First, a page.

Not Quite Enough For Royals Against Twins
Let’s start with the positives.
Mike Moustakas homered and doubled twice. Eric Hosmer drove a ball deep the other way for a sacrifice fly, then doubled sharply into the gap later in the game. Jose Mijares struck out three in 1.1 innings. The Royals scored seven runs.
The bad news is that the Twins scored ten. Will Smith gave up three more homers. The Twins scored ten times.
The 10-7 loss is tough to swallow because the Royals had opportunities to score more.
Down 4-1 in the fourth, Johnny Giavotella led off against Cole De Vries, a 27-year-old rookie with a 4.01 ERA as a minor leaguer. Billy Butler ripped a hard single to left. Mike Moustakas hit his first double to drive in Giavotella and put runners on second and third with no outs.
Then the Twins tried to help the Royals out. Jeff Francoeur ripped a liner to short but Brian Dozier didn’t catch it and it slipped into left field. Eric Hosmer hit a chopper to Alexi Casilla, who slipped trying to make the play and everyone was safe. Three runs had scored, runners were on first and second and De Vries hadn’t been fooling anyone with the Royals getting a second look at him. Alcides Escobar, who’s actually been hitting all year and is third on the team in hits, came up and Ned Yost called a sacrifice bunt.
If I can borrow a line from Dennis Hopper – pop quiz hotshot, you have a batter hitting .300 and showing signs of being capable of putting the ball in play. The starting pitcher is on the ropes. His defense is falling apart behind him. Your next two batters are Jarrod Dyson and Humberto Quintero, your eighth and ninth batters. What do you do?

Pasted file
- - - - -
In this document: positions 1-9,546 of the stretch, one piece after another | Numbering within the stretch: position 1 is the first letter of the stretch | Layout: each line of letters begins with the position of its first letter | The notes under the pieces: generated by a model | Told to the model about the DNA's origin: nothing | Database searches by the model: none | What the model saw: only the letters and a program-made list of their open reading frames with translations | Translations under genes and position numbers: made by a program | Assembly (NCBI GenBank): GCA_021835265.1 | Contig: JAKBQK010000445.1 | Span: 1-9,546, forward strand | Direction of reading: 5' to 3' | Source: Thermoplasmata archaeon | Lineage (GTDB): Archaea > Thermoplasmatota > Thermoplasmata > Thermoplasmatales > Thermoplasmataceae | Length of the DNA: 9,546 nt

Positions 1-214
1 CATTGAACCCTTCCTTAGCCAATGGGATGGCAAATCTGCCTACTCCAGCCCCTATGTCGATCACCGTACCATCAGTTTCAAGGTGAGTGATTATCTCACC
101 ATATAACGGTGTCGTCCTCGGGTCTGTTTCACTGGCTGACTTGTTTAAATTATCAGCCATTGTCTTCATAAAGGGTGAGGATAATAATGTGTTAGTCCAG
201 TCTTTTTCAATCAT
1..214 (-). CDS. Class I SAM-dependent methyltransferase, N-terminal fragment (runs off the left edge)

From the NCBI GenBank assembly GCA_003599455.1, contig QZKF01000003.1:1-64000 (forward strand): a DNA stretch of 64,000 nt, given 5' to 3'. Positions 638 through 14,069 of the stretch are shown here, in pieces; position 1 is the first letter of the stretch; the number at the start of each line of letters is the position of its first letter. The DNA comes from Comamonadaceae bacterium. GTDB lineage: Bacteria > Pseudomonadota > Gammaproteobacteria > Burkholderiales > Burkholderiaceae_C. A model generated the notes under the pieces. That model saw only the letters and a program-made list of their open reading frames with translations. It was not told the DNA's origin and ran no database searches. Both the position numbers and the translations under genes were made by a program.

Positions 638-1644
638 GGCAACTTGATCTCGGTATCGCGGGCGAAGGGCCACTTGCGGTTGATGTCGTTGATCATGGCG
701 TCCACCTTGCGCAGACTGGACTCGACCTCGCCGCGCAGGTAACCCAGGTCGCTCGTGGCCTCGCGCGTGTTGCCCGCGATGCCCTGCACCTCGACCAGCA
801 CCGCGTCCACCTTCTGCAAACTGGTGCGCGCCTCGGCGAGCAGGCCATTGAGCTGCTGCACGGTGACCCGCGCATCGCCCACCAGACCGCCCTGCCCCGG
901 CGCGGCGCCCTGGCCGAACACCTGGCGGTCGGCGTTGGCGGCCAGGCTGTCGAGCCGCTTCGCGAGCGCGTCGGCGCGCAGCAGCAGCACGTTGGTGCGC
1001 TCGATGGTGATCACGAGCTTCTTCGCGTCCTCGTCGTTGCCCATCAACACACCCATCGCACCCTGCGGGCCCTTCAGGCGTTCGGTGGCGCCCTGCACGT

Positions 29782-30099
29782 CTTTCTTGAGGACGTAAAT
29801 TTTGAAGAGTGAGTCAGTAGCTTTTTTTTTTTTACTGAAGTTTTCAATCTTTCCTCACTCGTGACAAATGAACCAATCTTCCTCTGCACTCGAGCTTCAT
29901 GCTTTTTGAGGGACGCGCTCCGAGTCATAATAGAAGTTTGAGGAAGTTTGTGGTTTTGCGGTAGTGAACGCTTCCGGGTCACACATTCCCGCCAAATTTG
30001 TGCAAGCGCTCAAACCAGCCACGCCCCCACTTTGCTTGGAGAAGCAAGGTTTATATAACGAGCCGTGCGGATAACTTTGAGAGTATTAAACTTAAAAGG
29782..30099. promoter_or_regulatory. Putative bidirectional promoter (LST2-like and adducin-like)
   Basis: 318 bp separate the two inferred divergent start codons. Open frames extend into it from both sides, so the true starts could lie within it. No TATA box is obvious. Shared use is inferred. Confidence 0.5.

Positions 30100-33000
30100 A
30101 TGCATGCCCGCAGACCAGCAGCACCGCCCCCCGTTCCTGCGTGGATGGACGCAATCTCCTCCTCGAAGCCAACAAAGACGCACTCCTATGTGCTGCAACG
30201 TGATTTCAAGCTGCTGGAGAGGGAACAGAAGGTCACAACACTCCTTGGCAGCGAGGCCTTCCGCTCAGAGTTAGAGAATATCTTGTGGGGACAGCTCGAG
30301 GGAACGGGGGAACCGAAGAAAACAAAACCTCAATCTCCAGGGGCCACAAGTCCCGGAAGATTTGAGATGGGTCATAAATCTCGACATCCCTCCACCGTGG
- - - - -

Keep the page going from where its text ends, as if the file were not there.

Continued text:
I’m not a fan of the bunt in general anyway, but in this case, to set up your last two batters – one with four extra base hits in 138 plate appearances to start the night and who’s struck out as many times as Eric Hosmer but in 2/3 the appearances (Dyson) and your catcher who was coming off of a May when he hit for a .578 OPS during the month (Quintero) – and with a pitcher about to fall apart, it shut down any momentum in the inning. Yost handed them a free out in the name of baseball convention.
Dyson and Quintero struck out looking to end the inning.
And no, I wouldn’t have felt any better about the bunt had either batter gotten a hit. You’ll have to take my word on that. It was another in a long line of free outs the Royals have given their opposition. Had the bunt been to set up Alex Gordon or Moustakas or Butler or Hosmer, perhaps I’d lighten my criticism. Still, on a night where the ball was carrying, the Royals starter was obviously shaky and it looked like the Royals were going to need runs, they gave up an out for a chance to manufacture one. Sometimes it’s okay to sit back and see if you can get a big inning. Maybe the result is the same, but the mean by which you get there are different, and that’s what’s important. It’s worth noting that Yost pinch-hit for Quintero in the ninth after expecting a “big hit” from him before.
Will Smith came back and gave up three more runs immediately after the Royals squandered their opportunity. After giving up a homer to Justin Morneau and with Louis Coleman ready Yost left Smith in. He gave up another homer to Trevor Plouffe, then was lifted.
The Royals tried to chip back into it in the ninth, but it was too little, too late.
Kansas City will go back out tomorrow with Bruce Chen trying to even out the series. Francisco Liriano goes against him.